“We’re not going to raise taxes on anyone making less than $400,000. That’s a lot of money,” the president said on Thursday. “Some of my liberal friends are saying it should be less than that.”
Biden discussed the matter with House Speaker Nancy Pelosi and Senate Majority Leader Chuck Schumer on Thursday, and the White House said they agreed “it’s only fair” that the spending bill should be paid by “the wealthiest Americans and older people.” by repealing the trump tax”. Corporation. “
The differences over tax limits are technical, but they represent a desire among many House Democratic leaders to protect their most vulnerable members in moderate districts from attacks on taxes and spending they support.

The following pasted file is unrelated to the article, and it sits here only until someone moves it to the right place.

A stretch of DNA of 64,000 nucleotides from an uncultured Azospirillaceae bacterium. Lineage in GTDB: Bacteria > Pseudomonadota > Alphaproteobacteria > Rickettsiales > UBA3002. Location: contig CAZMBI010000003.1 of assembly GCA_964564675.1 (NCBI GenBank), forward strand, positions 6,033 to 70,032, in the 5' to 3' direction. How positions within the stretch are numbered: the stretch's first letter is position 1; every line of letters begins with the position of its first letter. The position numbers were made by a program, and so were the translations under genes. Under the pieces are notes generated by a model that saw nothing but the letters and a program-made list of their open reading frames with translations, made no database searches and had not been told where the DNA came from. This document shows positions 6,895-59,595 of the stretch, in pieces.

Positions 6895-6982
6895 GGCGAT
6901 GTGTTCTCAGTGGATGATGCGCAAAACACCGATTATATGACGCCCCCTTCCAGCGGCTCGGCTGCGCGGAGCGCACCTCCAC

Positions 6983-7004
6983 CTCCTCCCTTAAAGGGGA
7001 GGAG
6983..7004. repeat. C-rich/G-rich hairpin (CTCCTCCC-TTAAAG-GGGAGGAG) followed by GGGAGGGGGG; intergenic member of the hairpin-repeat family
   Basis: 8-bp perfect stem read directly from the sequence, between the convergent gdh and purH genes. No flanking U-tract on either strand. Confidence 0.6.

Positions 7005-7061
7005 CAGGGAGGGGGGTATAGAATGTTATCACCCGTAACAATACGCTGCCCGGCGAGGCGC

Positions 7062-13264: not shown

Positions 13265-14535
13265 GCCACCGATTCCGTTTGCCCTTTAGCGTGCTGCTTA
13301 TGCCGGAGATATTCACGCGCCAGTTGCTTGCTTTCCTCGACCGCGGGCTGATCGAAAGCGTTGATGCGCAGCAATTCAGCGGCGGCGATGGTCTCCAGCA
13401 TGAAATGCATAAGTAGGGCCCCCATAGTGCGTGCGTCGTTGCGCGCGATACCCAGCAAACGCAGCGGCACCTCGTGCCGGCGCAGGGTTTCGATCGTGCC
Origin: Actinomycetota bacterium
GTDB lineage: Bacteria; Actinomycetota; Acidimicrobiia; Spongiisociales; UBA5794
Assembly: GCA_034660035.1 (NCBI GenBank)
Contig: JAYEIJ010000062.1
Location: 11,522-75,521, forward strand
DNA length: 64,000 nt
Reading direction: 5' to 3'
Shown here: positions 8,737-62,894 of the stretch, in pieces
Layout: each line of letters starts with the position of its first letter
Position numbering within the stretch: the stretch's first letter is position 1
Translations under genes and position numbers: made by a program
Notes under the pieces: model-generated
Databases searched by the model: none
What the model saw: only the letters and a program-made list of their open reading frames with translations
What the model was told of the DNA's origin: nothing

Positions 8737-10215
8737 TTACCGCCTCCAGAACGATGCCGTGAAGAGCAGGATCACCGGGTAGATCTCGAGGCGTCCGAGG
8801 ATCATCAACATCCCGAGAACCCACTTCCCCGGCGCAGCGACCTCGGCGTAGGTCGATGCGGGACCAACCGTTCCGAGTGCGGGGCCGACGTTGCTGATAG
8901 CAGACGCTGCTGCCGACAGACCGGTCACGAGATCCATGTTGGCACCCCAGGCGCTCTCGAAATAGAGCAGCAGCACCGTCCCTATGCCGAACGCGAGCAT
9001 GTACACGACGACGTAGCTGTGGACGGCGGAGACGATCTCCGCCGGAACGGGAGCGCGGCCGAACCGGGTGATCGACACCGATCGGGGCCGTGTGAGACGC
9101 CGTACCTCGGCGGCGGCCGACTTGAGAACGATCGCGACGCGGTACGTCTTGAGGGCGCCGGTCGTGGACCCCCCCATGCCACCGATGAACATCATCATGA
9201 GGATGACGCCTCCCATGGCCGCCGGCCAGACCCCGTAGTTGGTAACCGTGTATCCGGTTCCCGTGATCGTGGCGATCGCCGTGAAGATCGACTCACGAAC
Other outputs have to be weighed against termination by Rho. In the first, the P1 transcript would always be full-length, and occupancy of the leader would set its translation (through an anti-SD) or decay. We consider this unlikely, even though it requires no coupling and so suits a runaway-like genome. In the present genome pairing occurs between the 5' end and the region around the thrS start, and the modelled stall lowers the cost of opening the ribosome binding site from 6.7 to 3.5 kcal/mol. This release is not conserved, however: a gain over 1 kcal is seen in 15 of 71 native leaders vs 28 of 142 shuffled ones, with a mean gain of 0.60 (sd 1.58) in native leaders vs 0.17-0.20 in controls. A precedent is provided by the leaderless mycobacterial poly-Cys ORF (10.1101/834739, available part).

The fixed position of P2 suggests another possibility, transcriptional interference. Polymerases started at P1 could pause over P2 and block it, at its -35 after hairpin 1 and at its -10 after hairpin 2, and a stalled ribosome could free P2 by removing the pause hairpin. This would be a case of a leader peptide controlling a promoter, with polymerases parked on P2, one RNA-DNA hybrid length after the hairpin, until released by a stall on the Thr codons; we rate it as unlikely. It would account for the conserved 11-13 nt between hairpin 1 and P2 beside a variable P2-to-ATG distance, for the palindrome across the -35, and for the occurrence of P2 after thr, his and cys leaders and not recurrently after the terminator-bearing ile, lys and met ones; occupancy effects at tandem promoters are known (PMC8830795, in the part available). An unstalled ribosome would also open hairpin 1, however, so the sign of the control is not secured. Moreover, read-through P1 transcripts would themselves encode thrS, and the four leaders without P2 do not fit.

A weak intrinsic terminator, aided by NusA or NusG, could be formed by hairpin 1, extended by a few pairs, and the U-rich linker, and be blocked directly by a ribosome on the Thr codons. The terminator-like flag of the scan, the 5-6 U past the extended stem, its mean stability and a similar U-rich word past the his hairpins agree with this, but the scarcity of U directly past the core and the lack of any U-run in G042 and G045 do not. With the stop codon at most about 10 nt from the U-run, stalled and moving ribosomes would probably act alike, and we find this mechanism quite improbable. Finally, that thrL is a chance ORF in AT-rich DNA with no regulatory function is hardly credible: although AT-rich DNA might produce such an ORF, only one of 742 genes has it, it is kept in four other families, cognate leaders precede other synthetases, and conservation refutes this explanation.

“Our friends of the progressive left guess what you do hardly matters, as long as it’s big,” said Will Marshall, president of the centrist Washington think tank Progressive Policy Institute. Instead, Democrats are so ideologically diverse that “people running competitive races may not accept the same views that people running in safe, blue Democratic districts do,” Marshall said.
Joseph Gevargis, executive director of the progressive activist group Our Revolution, said that “it would be incredibly problematic for the president to say, ‘Look, we won both houses of Congress. We won the White House. We couldn’t deliver better health care, we couldn’t’ Couldn’t deliver transformative change on the climate.'”
“It’s not explainable to the American people,” Gevargis said, “and I think there will be consequences.”